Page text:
In Arizona, I17 interstate highway is being repaired between Glendale and Dunlap. The road maintenance is to lay a new layer of rubberized asphalt. Arizona Department of Transportation (ADOT) has been utilizing crumb rubber from used tires to pave roads and highways throughout the entire state. Rubberized asphalt makes ride smoother and finds use for millions of scrap tires which usually ended up at junkyards.

ADOT’s representative Doug Nintzel says the Department had spread the initiative all over Arizona by approaching regional authorities and urging them to pave highways or at least overlay them with rubberized asphalt.

The crucial component of the rubberized asphalt’s endurance and numerous beneficial properties is tire-derived crumb rubber. Rubberized asphalt production in fact begins from shredding scrap tires and milling them into a fine crumb rubber. Afterwards, contractors blend crumb rubber with hot asphalt and pave roads.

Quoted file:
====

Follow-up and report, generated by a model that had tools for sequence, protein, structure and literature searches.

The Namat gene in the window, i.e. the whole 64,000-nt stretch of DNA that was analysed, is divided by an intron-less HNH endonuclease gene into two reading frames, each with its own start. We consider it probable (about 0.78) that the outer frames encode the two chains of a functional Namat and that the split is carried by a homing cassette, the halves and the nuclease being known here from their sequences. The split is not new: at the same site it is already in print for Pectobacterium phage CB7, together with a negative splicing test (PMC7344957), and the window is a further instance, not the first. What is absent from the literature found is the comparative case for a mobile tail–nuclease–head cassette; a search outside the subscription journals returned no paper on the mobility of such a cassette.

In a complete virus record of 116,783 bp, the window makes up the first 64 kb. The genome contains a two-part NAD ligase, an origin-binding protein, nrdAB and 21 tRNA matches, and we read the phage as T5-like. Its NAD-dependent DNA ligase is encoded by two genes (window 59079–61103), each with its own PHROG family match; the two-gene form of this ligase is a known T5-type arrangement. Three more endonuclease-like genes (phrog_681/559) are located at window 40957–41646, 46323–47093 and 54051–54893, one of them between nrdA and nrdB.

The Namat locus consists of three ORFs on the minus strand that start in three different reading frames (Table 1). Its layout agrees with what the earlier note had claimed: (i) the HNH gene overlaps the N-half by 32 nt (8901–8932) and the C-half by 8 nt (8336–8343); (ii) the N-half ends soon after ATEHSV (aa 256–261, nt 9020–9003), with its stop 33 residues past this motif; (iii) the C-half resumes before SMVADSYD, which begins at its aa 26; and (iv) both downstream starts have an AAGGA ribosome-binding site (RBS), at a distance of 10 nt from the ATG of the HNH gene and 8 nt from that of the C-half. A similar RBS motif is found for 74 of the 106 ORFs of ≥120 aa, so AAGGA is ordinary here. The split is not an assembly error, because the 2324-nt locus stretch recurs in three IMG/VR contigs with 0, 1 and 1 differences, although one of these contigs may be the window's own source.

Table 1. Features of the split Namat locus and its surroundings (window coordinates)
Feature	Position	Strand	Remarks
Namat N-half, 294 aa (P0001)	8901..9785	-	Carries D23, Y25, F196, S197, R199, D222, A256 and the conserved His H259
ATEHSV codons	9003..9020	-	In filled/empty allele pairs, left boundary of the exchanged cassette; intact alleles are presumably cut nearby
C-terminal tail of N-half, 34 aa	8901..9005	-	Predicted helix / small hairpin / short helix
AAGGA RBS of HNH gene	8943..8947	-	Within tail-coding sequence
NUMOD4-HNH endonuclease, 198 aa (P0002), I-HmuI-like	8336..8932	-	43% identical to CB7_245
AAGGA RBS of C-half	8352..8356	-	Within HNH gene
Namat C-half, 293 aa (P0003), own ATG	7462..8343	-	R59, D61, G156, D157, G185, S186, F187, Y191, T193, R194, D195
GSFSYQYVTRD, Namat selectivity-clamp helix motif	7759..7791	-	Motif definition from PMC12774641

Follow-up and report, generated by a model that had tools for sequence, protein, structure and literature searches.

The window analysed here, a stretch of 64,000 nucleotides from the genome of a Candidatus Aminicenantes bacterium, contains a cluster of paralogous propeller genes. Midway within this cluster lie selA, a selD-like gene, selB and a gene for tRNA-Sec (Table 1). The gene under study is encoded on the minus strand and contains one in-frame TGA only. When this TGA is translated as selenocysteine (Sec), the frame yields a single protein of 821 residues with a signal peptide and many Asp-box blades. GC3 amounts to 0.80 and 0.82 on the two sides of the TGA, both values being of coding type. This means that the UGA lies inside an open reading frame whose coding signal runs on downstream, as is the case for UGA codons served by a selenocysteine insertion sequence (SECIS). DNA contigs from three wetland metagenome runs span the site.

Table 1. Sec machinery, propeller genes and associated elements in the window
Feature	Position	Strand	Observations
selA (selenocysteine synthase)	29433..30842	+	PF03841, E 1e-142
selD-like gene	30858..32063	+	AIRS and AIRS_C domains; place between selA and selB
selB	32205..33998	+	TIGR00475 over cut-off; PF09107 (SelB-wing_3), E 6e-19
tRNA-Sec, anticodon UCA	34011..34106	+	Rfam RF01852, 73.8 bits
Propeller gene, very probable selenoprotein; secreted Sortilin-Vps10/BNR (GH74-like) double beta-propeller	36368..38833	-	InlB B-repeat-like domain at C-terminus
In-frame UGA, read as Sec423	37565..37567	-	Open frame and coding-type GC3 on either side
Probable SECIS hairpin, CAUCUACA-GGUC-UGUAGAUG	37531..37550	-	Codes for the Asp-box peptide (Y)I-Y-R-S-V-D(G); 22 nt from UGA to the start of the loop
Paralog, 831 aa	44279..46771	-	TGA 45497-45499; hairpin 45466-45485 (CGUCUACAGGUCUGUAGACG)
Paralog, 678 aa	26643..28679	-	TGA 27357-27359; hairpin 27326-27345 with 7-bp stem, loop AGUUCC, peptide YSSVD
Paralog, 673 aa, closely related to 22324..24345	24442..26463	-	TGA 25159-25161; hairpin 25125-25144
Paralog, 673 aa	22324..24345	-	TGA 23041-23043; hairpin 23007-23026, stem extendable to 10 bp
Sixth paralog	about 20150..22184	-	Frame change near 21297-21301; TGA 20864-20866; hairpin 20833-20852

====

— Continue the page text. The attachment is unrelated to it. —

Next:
Nintzel added that the last time I17 was subject to road maintenance was in 2000s and the last overlay lasted over 15 years, 5 years more than it was anticipated. According to Nintzel, rubberized asphalt makes the road smoother and better for vehicles. Also, it reduces the noise and makes highway construction and maintenance more cost-efficient.

Article source: Fox 10 Phoenix